In the world of ecommerce, traffic and conversion claim an outsized share of attention. Of course, getting lots of relevant visitors onto a website or app where they can make purchases—and then convincing them to go through with that purchase—is key to generating revenue. But as our friends at Optimizely wisely remind us: Sometimes marketers focus much of their energy on increasing traffic to a website when it would more impactful – and profitable – to increase their AOV. Increasing traffic typically costs money, while increasing AOV does not.
Average order value (AOV) is a measurement of performance for an ecommerce platform that tracks the average dollar amount spent in each customer purchase from that platform. AOV is calculated by dividing total revenue by the number of orders—and of course, regardless of what product or service is being sold, increasing the amount of revenue generated by each order is a meaningful goal for all ecommerce companies.
For many years, figuring out how to get a customer to spend more money when making a purchase online was a matter of A/B testing. The tactics for increasing AOV thus looked a lot like the tactics for increasing the conversion rate of a landing page: creating two versions of a given step on the ecommerce user journey, and then using Google Analytics and similar tools to assess which customer experience (CX) design worked the best at delivering the most revenue per order.
In addition to A/B testing different CX, ecommerce companies have worked to increase average order value through tactics like cross-selling (“Would you like to add a brush to your shampoo purchase?”) and upselling (“This best-selling brush is only $5 more!”). These and similar strategies are essentially this-then-that “rules” for customer engagement that can be set up in a content management system (CMS) or product information management (PIM) system.
Here’s where it gets interesting. It used to be that the product rules for tactics like cross-selling had to be created and updated manually in the ecommerce platform, a resource-draining task. But these days, ecommerce tools powered by artificial intelligence (AI) and machine learning (ML) like Optimizely’s Optimization as a Service (OaaS) make the creation and optimization of such responsive actions faster, simpler and more effective. This both creates internal efficiencies and improves the customer experience, as AI suggests new tactics based on trends in user behavior and ML makes those tactics more effective over time.
There’s much more that AI and ML-powered tools can do. For one: content recommendations. Product suggestions informed by AI and ML are what made Amazon into the behemoth that it is today. The more relevant the content that a shopper sees, the more likely they are to make a purchase—and the more products they are likely to buy. Doesn’t get much simpler than that formula for increasing AOV.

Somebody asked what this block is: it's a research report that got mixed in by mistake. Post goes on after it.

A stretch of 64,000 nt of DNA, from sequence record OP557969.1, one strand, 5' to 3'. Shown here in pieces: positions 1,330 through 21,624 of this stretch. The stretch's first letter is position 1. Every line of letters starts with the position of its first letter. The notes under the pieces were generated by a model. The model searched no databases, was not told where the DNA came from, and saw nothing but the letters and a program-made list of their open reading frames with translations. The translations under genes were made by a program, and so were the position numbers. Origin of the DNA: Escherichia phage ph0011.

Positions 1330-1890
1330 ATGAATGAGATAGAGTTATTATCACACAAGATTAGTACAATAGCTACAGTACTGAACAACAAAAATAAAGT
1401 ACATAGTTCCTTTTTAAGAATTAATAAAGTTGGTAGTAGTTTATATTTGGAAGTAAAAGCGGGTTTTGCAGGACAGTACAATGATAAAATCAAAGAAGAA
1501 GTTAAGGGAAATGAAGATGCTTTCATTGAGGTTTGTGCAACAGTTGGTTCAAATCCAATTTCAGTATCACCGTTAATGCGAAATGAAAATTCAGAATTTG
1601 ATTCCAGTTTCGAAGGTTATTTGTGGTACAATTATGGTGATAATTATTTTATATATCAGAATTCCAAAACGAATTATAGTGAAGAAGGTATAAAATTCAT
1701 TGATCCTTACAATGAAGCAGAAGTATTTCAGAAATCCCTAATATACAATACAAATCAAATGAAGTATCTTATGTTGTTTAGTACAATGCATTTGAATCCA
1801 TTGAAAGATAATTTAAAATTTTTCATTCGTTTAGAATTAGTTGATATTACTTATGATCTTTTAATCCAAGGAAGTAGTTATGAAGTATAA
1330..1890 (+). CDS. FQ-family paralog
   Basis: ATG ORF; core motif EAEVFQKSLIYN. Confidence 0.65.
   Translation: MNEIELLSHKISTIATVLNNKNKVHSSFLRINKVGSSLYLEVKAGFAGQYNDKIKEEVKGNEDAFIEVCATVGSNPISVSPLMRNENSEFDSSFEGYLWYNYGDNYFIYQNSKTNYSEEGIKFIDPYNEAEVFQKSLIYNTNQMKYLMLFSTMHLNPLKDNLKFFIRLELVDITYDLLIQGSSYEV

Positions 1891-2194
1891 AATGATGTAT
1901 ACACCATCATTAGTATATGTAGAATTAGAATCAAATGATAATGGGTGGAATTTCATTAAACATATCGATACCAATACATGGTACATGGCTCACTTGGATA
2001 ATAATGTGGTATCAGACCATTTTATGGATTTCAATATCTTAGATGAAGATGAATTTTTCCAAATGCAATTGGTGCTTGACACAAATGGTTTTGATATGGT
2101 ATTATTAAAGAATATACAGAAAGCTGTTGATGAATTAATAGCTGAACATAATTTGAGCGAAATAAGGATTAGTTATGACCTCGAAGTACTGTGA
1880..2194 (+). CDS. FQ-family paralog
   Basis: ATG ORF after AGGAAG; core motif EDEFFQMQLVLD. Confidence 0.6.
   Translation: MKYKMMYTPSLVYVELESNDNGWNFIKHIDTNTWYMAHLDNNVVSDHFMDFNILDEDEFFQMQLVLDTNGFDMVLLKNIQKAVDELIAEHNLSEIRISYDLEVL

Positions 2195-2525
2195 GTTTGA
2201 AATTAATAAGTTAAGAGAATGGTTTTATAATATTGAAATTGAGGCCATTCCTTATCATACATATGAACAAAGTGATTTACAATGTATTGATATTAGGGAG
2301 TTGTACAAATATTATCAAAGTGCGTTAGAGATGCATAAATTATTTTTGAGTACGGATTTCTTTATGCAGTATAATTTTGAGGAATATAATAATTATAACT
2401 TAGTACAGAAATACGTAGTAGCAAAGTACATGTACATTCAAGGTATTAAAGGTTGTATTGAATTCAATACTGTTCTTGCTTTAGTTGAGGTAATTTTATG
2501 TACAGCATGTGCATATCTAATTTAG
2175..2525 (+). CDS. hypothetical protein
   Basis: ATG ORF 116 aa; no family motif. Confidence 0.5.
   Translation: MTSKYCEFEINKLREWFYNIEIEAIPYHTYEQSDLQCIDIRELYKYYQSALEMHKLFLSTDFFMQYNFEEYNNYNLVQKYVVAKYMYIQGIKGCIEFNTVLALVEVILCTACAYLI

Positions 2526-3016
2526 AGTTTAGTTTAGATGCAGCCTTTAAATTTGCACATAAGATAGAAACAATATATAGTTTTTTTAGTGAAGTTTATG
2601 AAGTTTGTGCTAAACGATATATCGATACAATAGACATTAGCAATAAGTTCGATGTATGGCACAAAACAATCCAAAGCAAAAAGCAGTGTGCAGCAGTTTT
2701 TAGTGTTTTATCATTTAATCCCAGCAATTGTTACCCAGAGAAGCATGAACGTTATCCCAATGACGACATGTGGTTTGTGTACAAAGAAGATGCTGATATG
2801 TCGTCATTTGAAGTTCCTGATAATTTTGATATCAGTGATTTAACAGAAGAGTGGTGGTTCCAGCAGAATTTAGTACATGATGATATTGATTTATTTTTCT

If there’s one recommendation that readers take away from this blog post, let it be this: to succeed in today’s highly competitive e-commerce environment, companies need to make the capture and analysis of data a top priority in terms of resource allocation.
We are in the very early stages of the next great leap that AI and ML promise to make for ecommerce platforms (and for average order value): personalization. If you’ve ever been greeted by name on a website or an app, that’s a basic example of personalization. With the right AI and ML tools, companies can leverage personalization to increase AOV with tactics like unique offers for certain customer segments. At Optimizely, this type of personalization tactic helped one retail client achieve a 33% increase in relative revenue.
There is much more to come from the AI and ML-powered ecommerce optimization, including a step-up in the types and sophistication of the recommendations that customers see. As these smart tools continue to leverage historical data analysis to predict what a user might do or want next based on similar users’ past behavior, the ability of ecommerce companies to persuade their customers to buy more items or choose pricier options will be vastly enhanced.
At Nansen, we specialize in helping companies improve key performance indicators like AOV by creating powerful, scalable digital platforms that engage and delight their customers. We’re proud to be a Silver Optimizely Partner, and to have worked with the Optimizely team for more than a decade to put transformational strategies into action for ecommerce clients.
If you’re wondering how to take your ecommerce optimization to the next level, we can help. Let’s start a conversation.